(The cover image seems to bear no resemblance to anything in the novel)
Beyond This Horizon, by Robert A. Heinlein, was originally published in Astounding Science Fiction in 1942 and as a novel in 1948. It was awarded a Retro Hugo award for best novel for 1943 in 2018 (on its 75th anniversary).
It is an interesting novel, describing a world about three hundred years in the future.
He predicts a number of things which have come true today, including the water bed, telephones with speech recognition and alarms, use of the metric system, test tube babies, and the technology to analyze DNA.
The novel also promotes many of Heinlein's personal beliefs about society (such as carrying of weapons), marriage, and his then-current interests the Social Credit system of economics, and the General Semantics of Alfred Korzybski.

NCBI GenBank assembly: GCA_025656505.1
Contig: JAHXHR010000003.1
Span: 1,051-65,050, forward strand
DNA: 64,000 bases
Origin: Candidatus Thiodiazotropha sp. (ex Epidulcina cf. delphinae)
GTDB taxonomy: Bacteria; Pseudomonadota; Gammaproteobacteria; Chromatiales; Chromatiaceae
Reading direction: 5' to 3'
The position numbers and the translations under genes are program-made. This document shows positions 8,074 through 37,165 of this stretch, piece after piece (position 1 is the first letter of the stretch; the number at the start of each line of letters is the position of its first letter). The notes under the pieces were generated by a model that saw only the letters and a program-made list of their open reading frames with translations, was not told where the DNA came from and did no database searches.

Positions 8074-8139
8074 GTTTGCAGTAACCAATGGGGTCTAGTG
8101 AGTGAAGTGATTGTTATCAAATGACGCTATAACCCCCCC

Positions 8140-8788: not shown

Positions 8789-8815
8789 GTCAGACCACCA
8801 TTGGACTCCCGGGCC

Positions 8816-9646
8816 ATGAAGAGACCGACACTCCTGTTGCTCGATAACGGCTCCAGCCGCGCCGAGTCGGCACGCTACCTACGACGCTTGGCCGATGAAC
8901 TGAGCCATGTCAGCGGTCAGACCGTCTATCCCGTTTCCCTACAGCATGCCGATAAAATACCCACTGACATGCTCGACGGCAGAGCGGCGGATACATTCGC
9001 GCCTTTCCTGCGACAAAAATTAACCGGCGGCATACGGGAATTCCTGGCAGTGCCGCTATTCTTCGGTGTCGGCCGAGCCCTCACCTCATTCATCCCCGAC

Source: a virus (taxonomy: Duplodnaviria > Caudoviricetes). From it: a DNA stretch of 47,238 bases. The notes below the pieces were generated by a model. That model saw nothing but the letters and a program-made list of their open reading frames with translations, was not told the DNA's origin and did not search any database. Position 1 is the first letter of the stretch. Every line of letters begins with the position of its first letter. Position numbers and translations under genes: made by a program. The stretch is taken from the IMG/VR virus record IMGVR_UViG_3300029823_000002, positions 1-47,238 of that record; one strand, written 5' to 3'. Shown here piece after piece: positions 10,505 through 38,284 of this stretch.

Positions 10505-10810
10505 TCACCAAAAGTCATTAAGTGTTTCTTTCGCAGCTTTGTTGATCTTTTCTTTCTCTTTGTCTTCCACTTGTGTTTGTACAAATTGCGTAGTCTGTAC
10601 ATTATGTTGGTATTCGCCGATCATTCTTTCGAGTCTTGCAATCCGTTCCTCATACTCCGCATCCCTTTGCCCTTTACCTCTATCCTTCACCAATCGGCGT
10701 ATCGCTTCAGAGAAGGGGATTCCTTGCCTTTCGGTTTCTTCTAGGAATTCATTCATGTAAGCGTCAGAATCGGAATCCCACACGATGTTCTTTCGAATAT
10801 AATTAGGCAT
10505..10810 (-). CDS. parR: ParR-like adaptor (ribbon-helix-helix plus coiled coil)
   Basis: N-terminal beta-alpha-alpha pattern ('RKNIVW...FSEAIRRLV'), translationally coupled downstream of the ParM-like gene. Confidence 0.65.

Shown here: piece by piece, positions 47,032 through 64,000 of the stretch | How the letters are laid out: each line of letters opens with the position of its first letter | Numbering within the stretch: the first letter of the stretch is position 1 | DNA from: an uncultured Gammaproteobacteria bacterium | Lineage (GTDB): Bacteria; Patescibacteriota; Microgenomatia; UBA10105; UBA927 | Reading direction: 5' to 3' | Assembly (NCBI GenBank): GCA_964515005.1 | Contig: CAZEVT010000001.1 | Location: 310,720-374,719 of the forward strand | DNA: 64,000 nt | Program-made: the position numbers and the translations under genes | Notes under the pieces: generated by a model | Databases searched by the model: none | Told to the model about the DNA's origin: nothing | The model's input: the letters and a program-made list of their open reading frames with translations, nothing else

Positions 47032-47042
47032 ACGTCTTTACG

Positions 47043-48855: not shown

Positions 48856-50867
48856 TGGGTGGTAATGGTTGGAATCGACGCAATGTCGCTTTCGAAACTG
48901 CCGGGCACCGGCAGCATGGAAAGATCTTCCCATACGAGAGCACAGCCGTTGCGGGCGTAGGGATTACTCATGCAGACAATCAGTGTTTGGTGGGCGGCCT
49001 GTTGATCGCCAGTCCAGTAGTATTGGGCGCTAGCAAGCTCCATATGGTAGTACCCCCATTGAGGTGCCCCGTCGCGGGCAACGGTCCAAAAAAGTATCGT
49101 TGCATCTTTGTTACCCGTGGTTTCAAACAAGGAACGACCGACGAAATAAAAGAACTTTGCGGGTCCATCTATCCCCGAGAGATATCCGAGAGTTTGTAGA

It even explores the ideas of telepathy and whether there could be some form of existence before and after death.
While I generally consider Heinlein's short stories to be among my favourite science fiction, many of his novels tend to be preachy and transparent vehicles for his personal beliefs. He makes use of some poor plot devices in order to lecture about his ideas.
This was most apparent in his first (unpublished during his lifetime) novel, For Us, The Living: A Comedy of Customs. In Beyond This Horizon is only slightly more subtle.
While the story has many interesting ideas (especially for 1942), I didn't really buy into the plot, or even feel there was one. Later novels, like Stranger in a Strange Land (another Hugo winner, from 1962) showed a lot more maturity. Unfortunately, I found some of his last works, like To Sail Beyond the Sunset, almost unreadable.
Essentially his first novel (though published in book form after Rocket Ship Galileo), I would consider it a good start by a new writer who improved over time, and superior to most novels of the era.